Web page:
Conciliation for civil disputes is regulated by the Code of Attorneys, which states that attorneys and their clients may invite counterparties to conciliation. If the parties reach an agreement, they and their attorneys will prepare and execute a settlement minute, which becomes equal to a court decision without the need to obtain an execution endorsement from a court.

Conciliation for criminal disputes is regulated by the Code of Criminal Procedure and its secondary regulations, which state that if there is sufficient doubt that an individual or legal entity has been a victim of certain crimes such as burglary, fraud or disclosure of trade secrets, or crimes prosecuted on complaint, the prosecutor can invite the alleged victim to participate in conciliation with the suspect. The conciliator can be the prosecutor, a qualified law graduate, or an attorney assigned by the bar upon the request of the prosecutor. If the parties solve their dispute at conciliation, the prosecutor will not initiate a criminal case against the suspect. Under certain circumstances, the court can also invite parties to participate in conciliation; if the parties agree and solve the dispute, the court will dismiss the case.

Recognition and Enforcement of Foreign Court Judgments and Arbitral Awards

Recognition and Enforcement of Foreign Court Judgments

Procedures for the recognition and enforcement of foreign court judgments are regulated under the Code on Private International Law and Procedural Law ("Private International Law Code"), which prohibits Turkish courts from reviewing the merits of foreign judgments: Turkish courts may only examine whether or not the requirements for recognition and enforcement under the Private International Law Code have been met, which are definite judgment (res judicata), the existence of reciprocity, the absence of exclusive jurisdiction of Turkish courts over the subject matter of the judgment, the absence of a breach of Turkish public policy, and whether due process has been respected in a foreign litigation process. The recognition requirements are the same for recognition and enforcement, except that reciprocity is only a requirement for the recognition of decisions.

Turkish courts may also rule on the partial enforcement of a foreign judgment. A Turkish court's decision to enforce a foreign judgment is appealable pursuant to the general procedures on appeals. An enforcement decision also includes the recognition of a foreign judgment. Once a foreign judgment is recognised by a Turkish court, it becomes res judicata, and therefore conclusive evidence under Turkish Law. The effect of recognition of a foreign judgment is retroactive, starting from the date of the finalisation of the foreign judgment.

Recognition and Enforcement of Foreign Arbitral Awards

The recognition and enforcement of foreign arbitral awards in Turkey are regulated under two sets of rules: the New York Convention of 1958 and the Private International Law Code. The New York Convention is applicable to awards rendered in another signatory state when the subject matter of the dispute is considered commercial as per the TCC. If these conditions are not met, then the recognition of a foreign arbitral award will be subject to the Private International Law Code.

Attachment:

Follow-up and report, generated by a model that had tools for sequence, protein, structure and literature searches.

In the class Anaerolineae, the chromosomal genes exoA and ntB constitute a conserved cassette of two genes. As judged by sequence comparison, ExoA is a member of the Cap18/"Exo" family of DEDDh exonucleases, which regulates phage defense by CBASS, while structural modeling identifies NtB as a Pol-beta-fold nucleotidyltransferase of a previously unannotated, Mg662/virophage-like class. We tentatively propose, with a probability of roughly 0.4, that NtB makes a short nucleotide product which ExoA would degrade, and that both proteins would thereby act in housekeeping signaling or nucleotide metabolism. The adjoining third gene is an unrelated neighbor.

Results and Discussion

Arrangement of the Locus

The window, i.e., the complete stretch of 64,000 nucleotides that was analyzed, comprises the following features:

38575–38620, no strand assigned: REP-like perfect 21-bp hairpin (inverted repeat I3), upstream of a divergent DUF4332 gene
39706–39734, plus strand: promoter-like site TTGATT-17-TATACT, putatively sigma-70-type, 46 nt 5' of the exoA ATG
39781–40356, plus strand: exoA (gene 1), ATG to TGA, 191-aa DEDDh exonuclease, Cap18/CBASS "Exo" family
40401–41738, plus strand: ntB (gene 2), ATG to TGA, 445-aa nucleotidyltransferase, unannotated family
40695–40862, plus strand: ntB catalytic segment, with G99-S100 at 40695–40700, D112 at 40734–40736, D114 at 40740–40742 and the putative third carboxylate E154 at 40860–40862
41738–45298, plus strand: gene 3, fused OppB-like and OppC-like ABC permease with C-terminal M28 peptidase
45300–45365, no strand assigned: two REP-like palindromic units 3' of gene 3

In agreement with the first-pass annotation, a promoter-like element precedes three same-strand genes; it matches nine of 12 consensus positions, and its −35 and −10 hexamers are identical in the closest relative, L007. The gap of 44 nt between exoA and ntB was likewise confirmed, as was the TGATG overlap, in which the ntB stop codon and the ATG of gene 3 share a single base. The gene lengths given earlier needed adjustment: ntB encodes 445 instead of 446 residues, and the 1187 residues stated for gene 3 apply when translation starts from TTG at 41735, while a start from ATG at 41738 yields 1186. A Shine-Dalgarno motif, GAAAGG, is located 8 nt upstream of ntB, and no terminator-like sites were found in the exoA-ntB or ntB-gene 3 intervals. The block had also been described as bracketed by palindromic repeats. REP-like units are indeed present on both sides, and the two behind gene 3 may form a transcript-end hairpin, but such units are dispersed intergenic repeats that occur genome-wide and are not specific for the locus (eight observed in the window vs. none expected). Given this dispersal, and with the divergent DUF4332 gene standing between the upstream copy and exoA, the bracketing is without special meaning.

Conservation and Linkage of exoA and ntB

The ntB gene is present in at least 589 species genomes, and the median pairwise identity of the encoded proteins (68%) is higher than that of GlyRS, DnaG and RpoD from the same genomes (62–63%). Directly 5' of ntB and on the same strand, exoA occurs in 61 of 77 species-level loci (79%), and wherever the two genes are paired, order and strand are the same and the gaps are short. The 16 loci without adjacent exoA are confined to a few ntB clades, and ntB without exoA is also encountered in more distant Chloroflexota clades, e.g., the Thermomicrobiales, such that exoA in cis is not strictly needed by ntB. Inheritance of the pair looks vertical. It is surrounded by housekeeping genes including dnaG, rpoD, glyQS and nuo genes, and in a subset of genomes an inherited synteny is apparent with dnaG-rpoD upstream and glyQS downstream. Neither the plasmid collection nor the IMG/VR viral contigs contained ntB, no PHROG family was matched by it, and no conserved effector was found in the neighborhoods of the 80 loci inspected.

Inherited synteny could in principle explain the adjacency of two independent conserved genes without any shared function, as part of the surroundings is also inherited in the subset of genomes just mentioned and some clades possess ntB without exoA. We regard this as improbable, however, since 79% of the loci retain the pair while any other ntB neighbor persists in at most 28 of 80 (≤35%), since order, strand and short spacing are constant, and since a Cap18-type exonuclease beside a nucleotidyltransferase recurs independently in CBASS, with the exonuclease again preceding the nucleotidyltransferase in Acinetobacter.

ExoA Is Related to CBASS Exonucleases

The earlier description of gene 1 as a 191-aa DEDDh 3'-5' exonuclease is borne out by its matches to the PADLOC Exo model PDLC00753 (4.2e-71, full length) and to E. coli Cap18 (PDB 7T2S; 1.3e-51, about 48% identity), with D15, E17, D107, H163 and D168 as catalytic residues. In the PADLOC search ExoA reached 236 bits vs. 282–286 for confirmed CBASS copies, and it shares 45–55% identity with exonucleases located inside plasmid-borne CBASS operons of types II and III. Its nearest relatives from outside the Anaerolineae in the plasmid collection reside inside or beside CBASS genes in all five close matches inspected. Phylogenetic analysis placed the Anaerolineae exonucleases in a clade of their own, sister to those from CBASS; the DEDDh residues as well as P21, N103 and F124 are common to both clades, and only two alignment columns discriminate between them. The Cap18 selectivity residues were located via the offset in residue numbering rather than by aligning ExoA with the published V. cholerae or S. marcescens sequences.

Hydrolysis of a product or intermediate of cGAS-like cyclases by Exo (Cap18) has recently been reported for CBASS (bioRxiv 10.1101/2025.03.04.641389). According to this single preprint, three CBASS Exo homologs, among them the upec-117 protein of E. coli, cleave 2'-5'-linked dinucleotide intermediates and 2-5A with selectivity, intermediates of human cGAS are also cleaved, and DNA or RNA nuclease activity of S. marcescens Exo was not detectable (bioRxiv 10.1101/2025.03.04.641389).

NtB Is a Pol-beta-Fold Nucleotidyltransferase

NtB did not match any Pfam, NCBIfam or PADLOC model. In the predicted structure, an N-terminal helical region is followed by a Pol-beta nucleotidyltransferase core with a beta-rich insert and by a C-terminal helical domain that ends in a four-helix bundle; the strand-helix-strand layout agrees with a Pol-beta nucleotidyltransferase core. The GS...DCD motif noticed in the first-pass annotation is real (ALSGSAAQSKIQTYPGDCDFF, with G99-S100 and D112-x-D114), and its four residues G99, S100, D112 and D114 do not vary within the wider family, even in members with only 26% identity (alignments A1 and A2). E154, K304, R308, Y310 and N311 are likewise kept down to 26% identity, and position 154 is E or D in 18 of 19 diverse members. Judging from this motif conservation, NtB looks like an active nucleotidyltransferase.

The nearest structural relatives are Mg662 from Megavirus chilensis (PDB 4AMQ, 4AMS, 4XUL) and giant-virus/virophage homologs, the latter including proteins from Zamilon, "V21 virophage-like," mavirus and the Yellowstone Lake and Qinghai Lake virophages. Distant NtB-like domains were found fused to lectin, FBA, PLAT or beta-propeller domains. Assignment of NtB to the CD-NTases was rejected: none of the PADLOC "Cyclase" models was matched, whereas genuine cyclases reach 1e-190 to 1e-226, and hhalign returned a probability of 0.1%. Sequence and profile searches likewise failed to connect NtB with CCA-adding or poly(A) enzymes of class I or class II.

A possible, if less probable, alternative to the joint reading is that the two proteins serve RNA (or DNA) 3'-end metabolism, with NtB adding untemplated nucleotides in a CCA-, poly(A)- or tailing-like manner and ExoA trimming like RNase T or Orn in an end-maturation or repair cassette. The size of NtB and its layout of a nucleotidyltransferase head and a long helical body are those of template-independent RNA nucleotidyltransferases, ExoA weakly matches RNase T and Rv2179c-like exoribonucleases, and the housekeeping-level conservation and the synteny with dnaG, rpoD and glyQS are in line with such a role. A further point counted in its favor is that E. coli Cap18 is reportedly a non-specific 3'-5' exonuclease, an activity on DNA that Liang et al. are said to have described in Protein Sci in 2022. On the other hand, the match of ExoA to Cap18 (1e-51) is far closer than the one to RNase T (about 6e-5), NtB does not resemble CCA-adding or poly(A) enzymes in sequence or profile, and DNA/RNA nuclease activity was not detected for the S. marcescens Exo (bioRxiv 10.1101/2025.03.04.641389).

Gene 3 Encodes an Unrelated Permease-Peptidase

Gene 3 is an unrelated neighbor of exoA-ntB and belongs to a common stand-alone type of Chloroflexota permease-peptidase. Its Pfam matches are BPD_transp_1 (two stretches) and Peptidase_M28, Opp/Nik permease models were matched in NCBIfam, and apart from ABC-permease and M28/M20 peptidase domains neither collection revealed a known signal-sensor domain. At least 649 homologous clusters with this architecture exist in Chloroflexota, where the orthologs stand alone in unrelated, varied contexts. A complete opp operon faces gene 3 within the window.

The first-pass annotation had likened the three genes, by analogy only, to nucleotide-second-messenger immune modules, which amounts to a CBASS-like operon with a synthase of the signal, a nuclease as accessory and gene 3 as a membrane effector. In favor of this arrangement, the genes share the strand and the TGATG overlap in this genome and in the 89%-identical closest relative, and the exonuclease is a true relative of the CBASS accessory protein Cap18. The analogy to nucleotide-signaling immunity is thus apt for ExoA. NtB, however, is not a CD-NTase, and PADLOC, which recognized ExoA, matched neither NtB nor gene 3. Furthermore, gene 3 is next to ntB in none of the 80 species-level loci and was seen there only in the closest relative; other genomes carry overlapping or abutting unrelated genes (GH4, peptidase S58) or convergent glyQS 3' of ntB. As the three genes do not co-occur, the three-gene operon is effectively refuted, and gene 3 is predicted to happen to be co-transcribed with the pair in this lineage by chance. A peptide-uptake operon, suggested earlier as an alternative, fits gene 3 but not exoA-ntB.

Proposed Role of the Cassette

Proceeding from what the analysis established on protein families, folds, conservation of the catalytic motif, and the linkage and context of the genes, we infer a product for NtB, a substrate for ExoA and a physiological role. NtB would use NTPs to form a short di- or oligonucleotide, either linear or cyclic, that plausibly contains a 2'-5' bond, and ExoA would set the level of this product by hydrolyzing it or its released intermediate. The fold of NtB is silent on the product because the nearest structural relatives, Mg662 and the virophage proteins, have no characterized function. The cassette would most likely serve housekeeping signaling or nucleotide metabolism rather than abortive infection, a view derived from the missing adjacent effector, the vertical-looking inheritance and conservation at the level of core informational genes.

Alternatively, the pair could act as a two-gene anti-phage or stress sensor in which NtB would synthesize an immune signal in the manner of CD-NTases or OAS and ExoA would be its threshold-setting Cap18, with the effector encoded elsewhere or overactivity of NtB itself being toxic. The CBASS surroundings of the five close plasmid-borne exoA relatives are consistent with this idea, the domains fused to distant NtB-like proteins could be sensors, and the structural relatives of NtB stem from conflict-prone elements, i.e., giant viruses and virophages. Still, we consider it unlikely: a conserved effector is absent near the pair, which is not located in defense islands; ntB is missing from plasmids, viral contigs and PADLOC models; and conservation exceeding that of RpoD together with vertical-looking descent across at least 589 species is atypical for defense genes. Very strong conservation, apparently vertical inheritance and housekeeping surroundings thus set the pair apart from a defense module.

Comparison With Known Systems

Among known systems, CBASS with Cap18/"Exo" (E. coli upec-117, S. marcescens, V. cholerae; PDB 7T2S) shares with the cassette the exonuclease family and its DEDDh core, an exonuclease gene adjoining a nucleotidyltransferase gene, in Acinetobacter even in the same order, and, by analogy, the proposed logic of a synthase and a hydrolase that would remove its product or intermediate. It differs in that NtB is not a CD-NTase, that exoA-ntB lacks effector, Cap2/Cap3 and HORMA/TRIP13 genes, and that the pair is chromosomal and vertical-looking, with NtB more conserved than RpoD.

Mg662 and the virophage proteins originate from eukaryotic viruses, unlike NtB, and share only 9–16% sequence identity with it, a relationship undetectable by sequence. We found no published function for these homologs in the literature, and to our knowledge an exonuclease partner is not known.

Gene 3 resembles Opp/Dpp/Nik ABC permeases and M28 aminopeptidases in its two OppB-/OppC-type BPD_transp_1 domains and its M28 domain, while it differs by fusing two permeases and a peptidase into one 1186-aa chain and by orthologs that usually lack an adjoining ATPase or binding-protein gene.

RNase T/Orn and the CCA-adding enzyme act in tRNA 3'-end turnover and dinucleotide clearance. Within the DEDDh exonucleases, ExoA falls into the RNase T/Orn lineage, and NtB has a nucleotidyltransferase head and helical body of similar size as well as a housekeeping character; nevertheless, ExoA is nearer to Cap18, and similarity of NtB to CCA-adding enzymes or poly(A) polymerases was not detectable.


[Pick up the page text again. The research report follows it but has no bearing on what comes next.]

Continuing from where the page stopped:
Both the New York Convention and the Private International Law Code explicitly stipulate the legal grounds for dismissal of an enforcement request. Under both sets of rules, the burden of proof lies with the party who requests dismissal of enforcement. At its own discretion, however, a court may review whether or not enforcement of an award would be in violation of public policy, or whether the subject matter of the dispute is not appropriate for arbitration.

One significant difference between the New York Convention and the Private International Law Code is that, if there are legal grounds for dismissal of an enforcement request, the New York Convention states that a court may rule for dismissal whereas the Private International Law Code states that a court shall rule for dismissal. Accordingly, if grounds for dismissal exist in an arbitral recognition and enforcement case that is not covered by the New York Convention, a court must reject the enforcement request.

Foreign Investment and Trade

Unless otherwise required under international treaties or specific provisions of law (as explained below), foreign investors are subject to the same treatment and entitled to the same investment incentives as local Turkish investors  under the Foreign Direct Investments Code ("FDI Code").  The scope of incentives that are granted with respect to a particular investment is determined according to the purpose, volume and location of such investment. Additionally, the Investment Support and Promotion Agency ("ISPA") was established in 2006 under the Office of the Prime Minister of the Republic of Turkey in order to attract foreign investment. The ISPA develops and implements investment support and promotion strategies, and assists foreign investors with the procedures for working with State institutions.

As per the FDI Code, foreign investors, like local investors, are free to repatriate net profits, dividends, proceeds from the sale or liquidation of their investment, royalties or fees arising from licensing, management and similar agreements, and/or principal and interest payments under external loans, through banks or other authorised financial institutions. Turkey very recently introduced a restriction on the use of foreign currency loans.